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Chapter 12
Sir Thomas was to return in November, and his eldest son had duties to call him
earlier home. The approach of September brought tidings of Mr. Bertram, first in
a letter to the gamekeeper and then in a letter to Edmund; and by the end of
August he arrived himself, to be gay, agreeable, and gallant again as occasion
served, or Miss Crawford demanded; to tell of races and Weymouth, and parties
and friends, to which she might have listened six weeks before with some
interest, and altogether to give her the fullest conviction, by the power of actual
comparison, of her preferring his younger brother.
It was very vexatious, and she was heartily sorry for it; but so it was; and so far
from now meaning to marry the elder, she did not even want to attract him
beyond what the simplest claims of conscious beauty required: his lengthened
absence from Mansfield, without anything but pleasure in view, and his own will
to consult, made it perfectly clear that he did not care about her; and his
indifference was so much more than equalled by her own, that were he now to
step forth the owner of Mansfield Park, the Sir Thomas complete, which he was
to be in time, she did not believe she could accept him.
The season and duties which brought Mr. Bertram back to Mansfield took Mr.
Crawford into Norfolk. Everingham could not do without him in the beginning of
September. He went for a fortnight--a fortnight of such dullness to the Miss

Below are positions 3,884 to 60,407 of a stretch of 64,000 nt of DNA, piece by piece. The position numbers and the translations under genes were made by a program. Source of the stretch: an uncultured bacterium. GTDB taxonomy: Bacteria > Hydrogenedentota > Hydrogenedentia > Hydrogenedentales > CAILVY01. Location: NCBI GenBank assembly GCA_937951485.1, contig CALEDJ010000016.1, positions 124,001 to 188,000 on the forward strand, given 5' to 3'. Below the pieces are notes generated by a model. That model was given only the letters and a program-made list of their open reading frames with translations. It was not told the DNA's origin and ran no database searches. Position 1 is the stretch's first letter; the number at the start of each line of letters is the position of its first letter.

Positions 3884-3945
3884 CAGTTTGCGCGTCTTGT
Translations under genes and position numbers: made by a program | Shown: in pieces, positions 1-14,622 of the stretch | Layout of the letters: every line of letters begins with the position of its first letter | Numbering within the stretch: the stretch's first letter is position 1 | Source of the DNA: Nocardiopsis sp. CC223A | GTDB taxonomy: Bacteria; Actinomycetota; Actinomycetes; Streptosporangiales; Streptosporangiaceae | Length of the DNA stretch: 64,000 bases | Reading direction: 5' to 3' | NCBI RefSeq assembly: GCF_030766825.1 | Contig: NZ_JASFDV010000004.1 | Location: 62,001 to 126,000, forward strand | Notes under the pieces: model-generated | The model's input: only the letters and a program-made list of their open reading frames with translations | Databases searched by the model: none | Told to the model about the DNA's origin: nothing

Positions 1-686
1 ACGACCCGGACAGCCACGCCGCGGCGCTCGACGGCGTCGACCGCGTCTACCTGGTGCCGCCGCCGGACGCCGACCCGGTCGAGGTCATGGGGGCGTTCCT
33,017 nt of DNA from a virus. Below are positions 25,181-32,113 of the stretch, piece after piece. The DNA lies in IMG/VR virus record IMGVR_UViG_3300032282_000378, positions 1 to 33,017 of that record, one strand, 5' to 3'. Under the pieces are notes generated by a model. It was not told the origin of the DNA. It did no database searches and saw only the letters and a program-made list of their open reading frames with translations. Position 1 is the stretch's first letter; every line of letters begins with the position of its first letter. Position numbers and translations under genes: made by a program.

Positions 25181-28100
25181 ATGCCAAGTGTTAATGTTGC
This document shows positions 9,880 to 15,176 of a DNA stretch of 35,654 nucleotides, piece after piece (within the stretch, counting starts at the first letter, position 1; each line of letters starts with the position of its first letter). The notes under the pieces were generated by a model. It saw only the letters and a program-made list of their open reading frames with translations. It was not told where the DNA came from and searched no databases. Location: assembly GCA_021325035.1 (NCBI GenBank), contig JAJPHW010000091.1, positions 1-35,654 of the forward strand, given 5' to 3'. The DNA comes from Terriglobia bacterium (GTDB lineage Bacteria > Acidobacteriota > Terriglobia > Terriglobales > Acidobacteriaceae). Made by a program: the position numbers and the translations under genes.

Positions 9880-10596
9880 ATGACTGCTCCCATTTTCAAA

Bertrams as ought to have put them both on their guard, and made even Julia
admit, in her jealousy of her sister, the absolute necessity of distrusting his
attentions, and wishing him not to return; and a fortnight of sufficient leisure, in
the intervals of shooting and sleeping, to have convinced the gentleman that he
ought to keep longer away, had he been more in the habit of examining his own
motives, and of reflecting to what the indulgence of his idle vanity was tending;
but, thoughtless and selfish from prosperity and bad example, he would not look
beyond the present moment. The sisters, handsome, clever, and encouraging,
were an amusement to his sated mind; and finding nothing in Norfolk to equal the
social pleasures of Mansfield, he gladly returned to it at the time appointed, and
was welcomed thither quite as gladly by those whom he came to trifle with
Maria, with only Mr. Rushworth to attend to her, and doomed to the repeated
details of his day's sport, good or bad, his boast of his dogs, his jealousy of his
neighbours, his doubts of their qualifications, and his zeal after poachers,
subjects which will not find their way to female feelings without some talent on
one side or some attachment on the other, had missed Mr. Crawford grievously;
and Julia, unengaged and unemployed, felt all the right of missing him much
more. Each sister believed herself the favourite. Julia might be justified in so
doing by the hints of Mrs. Grant, inclined to credit what she wished, and Maria by
the hints of Mr. Crawford himself. Everything returned into the same channel as
before his absence; his manners being to each so animated and agreeable as to
lose no ground with either, and just stopping short of the consistence, the
steadiness, the solicitude, and the warmth which might excite general notice.